Great innovations in the energy sector, especially focusing on appliances that are powered by renewable energy have changed the lives of rural India. Starting from the solar freezers to the solar-powered computer labs in schools that power different communities, these innovations illustrate the potential of decentralized renewable energy (DRE) systems in transforming rural India by improving the use of that electricity to boost rural economies. However, initiatives like Ujjwala and Saubhagya have resulted in India accomplishing electrification and cooking. However, quality and reliability of the sources of energy remain an issue. In this situation, the DRE systems have been closing the gap which is critical in ensuring India’s opportunity to make strides the livelihoods and generate economic activity and employment.

According to a recent report, in rural India for the first time, there is a shift in applications in DRE sector moving from energy access for development. Hari Natarajan, a renewable energy expert says that DRE has a solid complementary role to play and effectively promoting DRE solutions such that they become best consumed where it is generated rather than generating several thousands of kilometer away from where there is no demand and then moving them to demand centres. And when you develop such solutions, you are looking to customize them to the local needs bringing in greater efficiency into the system.

In any case, when finance remains a concern, the enterprises are looking at debt as future sources of investment and corporate social responsibility (CSR) and funds. However, DRE applications are boosting the local economy impacting social and economic growth. The emergence of productive-use technologies is freezers, solar dryers, sewing machines, and other applications that have created new ventures and avenues for skill development in rural areas. The conducive policies and affordable financial models will boost the sector and gain consumer acceptance facilitating the growth of the market.

Stronger policies and integrated power distribution systems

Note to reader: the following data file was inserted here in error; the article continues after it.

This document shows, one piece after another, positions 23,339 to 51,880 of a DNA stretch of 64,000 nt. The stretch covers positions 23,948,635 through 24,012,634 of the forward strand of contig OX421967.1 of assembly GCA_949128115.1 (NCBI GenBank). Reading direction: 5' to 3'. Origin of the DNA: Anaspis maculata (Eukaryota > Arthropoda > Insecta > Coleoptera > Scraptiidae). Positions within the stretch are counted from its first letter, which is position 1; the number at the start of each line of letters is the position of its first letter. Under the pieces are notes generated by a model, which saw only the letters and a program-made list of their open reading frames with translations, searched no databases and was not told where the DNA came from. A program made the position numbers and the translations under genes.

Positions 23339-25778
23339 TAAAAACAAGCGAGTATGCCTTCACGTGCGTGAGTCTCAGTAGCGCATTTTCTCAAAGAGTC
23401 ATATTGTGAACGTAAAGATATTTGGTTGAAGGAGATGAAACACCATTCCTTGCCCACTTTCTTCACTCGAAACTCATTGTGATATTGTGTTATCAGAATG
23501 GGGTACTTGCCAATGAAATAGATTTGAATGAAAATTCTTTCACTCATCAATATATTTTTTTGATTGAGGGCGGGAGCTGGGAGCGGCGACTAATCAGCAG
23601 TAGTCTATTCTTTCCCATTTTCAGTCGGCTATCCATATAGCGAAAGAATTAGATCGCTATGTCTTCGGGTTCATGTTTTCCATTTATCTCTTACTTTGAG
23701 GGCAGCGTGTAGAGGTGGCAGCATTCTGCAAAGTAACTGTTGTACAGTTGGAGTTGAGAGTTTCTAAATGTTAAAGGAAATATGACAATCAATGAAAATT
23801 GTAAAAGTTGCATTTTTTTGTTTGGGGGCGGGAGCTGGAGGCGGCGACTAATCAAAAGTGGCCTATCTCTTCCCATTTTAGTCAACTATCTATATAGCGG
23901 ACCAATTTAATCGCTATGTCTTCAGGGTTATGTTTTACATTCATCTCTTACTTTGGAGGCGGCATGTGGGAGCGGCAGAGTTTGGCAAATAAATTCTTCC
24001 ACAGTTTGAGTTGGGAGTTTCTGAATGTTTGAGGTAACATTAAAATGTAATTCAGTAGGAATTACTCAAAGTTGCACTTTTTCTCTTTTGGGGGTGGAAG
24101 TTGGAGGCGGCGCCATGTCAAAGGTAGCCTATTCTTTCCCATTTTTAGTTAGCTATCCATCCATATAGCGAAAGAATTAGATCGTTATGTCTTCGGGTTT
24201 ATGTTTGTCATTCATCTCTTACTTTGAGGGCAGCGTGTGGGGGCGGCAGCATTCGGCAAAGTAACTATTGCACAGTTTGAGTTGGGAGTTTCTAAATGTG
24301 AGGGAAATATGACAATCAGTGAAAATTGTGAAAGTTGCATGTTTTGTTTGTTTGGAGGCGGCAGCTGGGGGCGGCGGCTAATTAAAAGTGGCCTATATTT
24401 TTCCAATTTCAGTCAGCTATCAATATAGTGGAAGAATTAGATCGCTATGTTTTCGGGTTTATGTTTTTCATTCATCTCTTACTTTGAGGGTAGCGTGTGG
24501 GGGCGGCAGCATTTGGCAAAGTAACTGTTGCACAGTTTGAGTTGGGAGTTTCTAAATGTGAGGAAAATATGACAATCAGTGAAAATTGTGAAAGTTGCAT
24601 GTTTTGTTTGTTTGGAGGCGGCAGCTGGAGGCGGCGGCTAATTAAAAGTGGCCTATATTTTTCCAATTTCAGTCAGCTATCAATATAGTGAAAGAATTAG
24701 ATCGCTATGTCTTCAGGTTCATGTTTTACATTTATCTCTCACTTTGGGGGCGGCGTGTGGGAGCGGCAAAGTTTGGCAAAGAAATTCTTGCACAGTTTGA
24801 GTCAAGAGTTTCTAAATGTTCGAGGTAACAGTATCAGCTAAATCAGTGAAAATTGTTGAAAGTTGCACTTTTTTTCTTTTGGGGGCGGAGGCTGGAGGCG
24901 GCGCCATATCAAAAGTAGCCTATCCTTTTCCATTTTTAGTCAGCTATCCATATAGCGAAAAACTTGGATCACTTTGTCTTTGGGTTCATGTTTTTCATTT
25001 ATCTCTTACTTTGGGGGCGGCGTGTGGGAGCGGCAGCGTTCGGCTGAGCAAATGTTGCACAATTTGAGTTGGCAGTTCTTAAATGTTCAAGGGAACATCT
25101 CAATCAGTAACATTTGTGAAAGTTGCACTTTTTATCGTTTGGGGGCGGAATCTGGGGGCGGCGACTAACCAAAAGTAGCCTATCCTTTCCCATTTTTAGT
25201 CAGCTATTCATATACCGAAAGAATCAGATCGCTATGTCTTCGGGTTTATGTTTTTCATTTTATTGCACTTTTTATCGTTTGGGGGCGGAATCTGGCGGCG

The focus of Government on distribution of LPG under Pradhan Mantri Ujjwala Yojana (PMUY) scheme is making India the second-largest consumer of LPG in the world that has challenged the DRE sector.  The push on clean cooking has uncovered an opportunity for solar-cooking enterprises to grow, especially in the areas which are not deserved or in the cases where consumers are unable to refill LPG barrels.

Gram Oorja, based in Pune, Maharashtra with operations in close to 20 districts over the nation, works on community-driven sustainable energy solutions. It has set up biogas cooking lattices using locally available resources that can give a clean and sustainable source of cooking fuel in remote regions. This has not only diminished the community’s expenditure on firewood and LPG but has also reduced harmful greenhouse gas emanations. Citing another illustration, UNesar, a DRE endeavour in Gujarat, which has developed a solar stove that stores solar power for 72 hours, is cheaper than LPG and helps in severe health issues resulting from household air contamination caused due to cooking.

Alongside stronger policies and integrated power distribution systems, clean cooking, and other schemes to promote solar-powered livelihoods, there is a critical need for comprehensive regulatory mechanisms – testing and benchmarking. This will help increase awareness and acceptance among potential consumers of DRE systems and productive-use appliances.

The report moreover says that although Government initiatives had resulted in 78% of businesses surveyed changing their business models and 57% being able to raise capital, accessing finance continues to be a challenge. Sasmita Patnaik, one of the authors of a CEEW report says “Despite the importance of reliable energy access for the mechanization of rural economic activities, in our interviews with financiers across the board, almost no one placed energy in this context.

In Assam, Chhattisgarh, Jharkhand, and Odisha, solar-powered electric reeling machines have permitted women working in silk weaving cooperatives to extend their earnings and diminish drudgery. These machines, created by Resham Sutra, utilize 10% of the control of standard machines and increase efficiency and showcase competitiveness. Bijlee Boqx, a smart solar energy harvester, capacity, and delivery service with a pay as the model gives feasible and reasonable to underserved family units on the outskirts of Mumbai, coming about in financial reserve funds and lessening in CO2 emanations. These advancements offer assistance to customers in already energy-starved districts and this rise in demand has brought about in job creation. A job census by Power for All reported 95,000 new direct formal employments and 210,000 casual employments in 2017-2018.

The DRE segment has immense potential and is offering solutions to assist Sustainable Development Goals (SDGs) like ending poverty, promoting wellbeing and health, quality education, conventional work, and financial development, and advancing low-emission, strong improvement pathways. Tending to key issues and challenges can encourage boost the segment and put India on track for its move to clean energy.